Courtesy of Find a Grave

328: Maria Milagro de Hoyas

Her body was stolen and manipulated by a crazed psycho—and when you Google her name a Wikipedia page for him comes up!

Born: 31 July 1909, Key West, Florida, United States of America

Died: 25 October 1931, Key West, Florida, United States of America

Also Known As: Elena de Hoyas

There is hardly any Google results for Elena other than photos of what happened to her.

So, what happened?

Elena, as she was better known, fell ill with tuberculosis and the aforementioned psycho doctor was the doctor who tried to save her life. When she died, he went nutso. Apparently, he was “in love” with her (more like obsessed) and so he did the natural thing; stole her body and became equally obsessed with preserving her remains and preventing decay. Over the years (yes, years!) the doctor replaced piece after piece of her as Elena’s body slowly decomposed.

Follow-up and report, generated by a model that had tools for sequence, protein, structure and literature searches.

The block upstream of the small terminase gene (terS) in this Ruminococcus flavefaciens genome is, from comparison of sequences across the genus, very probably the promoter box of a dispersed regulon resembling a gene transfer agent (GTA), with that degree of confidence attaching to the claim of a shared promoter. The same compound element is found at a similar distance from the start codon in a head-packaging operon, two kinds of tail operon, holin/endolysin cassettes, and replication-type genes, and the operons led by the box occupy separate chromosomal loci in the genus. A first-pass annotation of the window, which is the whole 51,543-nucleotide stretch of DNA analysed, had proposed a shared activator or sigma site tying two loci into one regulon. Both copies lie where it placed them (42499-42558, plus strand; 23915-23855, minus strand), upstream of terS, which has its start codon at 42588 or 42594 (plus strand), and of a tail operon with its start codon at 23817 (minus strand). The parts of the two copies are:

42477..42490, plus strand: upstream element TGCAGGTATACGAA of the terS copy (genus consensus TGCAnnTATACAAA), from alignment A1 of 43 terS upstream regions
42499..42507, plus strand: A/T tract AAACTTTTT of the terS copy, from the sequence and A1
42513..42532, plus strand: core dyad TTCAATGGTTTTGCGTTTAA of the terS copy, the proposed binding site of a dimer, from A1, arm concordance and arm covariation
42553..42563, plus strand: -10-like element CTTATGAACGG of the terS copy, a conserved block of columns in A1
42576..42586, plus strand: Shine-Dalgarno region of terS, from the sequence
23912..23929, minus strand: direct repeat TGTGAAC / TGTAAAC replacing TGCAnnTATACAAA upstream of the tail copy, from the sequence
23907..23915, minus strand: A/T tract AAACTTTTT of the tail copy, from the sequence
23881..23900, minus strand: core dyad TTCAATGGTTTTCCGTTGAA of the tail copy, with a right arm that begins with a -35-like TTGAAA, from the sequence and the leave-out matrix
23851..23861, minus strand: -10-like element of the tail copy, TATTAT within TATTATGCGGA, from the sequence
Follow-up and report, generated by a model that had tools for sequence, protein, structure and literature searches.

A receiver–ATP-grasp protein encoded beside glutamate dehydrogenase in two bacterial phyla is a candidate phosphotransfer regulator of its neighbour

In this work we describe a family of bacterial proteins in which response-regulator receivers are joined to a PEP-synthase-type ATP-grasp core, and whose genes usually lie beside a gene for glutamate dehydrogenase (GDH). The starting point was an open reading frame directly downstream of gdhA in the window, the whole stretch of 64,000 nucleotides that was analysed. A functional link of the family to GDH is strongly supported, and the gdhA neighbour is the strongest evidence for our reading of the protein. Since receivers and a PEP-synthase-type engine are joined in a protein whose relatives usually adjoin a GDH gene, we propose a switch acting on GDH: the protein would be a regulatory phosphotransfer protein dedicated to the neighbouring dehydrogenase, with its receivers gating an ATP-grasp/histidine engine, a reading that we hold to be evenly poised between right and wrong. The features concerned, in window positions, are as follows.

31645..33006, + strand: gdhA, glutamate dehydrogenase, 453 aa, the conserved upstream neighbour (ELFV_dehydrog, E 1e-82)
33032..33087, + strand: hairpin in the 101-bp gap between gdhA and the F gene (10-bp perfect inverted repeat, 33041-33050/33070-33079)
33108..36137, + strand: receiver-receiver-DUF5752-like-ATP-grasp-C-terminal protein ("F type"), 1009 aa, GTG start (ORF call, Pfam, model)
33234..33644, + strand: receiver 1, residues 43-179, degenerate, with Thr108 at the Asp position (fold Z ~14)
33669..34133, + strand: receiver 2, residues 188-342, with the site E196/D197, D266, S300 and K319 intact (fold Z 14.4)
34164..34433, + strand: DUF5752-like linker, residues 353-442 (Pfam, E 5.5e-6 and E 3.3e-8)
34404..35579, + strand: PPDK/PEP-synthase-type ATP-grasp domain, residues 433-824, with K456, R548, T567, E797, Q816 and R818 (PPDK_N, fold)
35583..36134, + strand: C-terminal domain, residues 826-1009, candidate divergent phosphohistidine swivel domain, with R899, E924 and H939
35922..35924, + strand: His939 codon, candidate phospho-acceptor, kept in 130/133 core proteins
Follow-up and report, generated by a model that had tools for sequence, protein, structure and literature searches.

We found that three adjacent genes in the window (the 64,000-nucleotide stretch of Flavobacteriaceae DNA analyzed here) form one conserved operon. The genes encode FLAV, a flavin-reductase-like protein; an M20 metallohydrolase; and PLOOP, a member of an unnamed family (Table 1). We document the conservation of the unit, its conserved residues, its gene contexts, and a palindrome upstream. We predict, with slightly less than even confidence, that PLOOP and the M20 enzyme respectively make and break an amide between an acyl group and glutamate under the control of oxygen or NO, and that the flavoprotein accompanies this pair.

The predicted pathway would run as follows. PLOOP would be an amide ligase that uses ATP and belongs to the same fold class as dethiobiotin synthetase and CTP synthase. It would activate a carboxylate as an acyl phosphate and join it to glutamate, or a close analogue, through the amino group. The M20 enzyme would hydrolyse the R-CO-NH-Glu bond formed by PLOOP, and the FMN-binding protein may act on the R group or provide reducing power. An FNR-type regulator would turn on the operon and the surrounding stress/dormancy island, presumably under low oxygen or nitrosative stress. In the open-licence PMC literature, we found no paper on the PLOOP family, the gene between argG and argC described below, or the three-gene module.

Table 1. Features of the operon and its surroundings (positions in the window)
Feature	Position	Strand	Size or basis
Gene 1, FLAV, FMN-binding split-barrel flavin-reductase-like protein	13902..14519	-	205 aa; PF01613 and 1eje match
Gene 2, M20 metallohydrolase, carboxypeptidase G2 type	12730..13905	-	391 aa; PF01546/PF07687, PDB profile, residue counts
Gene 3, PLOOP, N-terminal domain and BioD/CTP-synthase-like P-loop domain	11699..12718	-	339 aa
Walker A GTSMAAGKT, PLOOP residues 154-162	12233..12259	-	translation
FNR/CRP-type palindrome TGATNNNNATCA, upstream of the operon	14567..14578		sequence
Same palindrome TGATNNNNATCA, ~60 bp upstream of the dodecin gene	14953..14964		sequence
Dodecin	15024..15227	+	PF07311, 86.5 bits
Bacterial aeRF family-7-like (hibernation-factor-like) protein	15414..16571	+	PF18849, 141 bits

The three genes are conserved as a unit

Finally, someone noticed something was up, and the doctor was arrested for tomb desecration (according to sources, body snatching was not illegal in Florida at the time. Thanks Florida).

But Elena still didn’t receive justice. Why? Oh, well, the statute of limitations for the crime had passed and so there was nothing they could do, other than take away what was left of Elena for a proper burial (after she was put on display and 7,000 people came to see her body).

To learn more about Elena’s story, watch Ask a Mortician’s video linked in this article.


  1. Some sources state that the horrible doctor may have tried to...consummate his relationship with Elena after her death. However, other sources say this information wasn't uncovered until 1972 and might be fake. I didn't include it in the original article because I'm sincerely hoping it was fake, but included it here in case any of you looked at the sources and wondered.
  2. Why have I refused to use the doctor’s name when literally every other source on the internet uses it, you may ask? Well, the same reason I refuse to use the name of anyone who committed rape or murder or any other heinous crime (seriously, look through my other entries, unless the name is actually important to the story, I won’t use it). The only time I use the name of a criminal is if they are an actual entry on my list, and that only happens when its an extraordinary story or the “criminal” isn’t really a criminal in my opinion. So anyway, there it is. I won’t name the people who should be forgotten, and I will name those that should be remembered.

Badges Earned:

Find a Grave Marked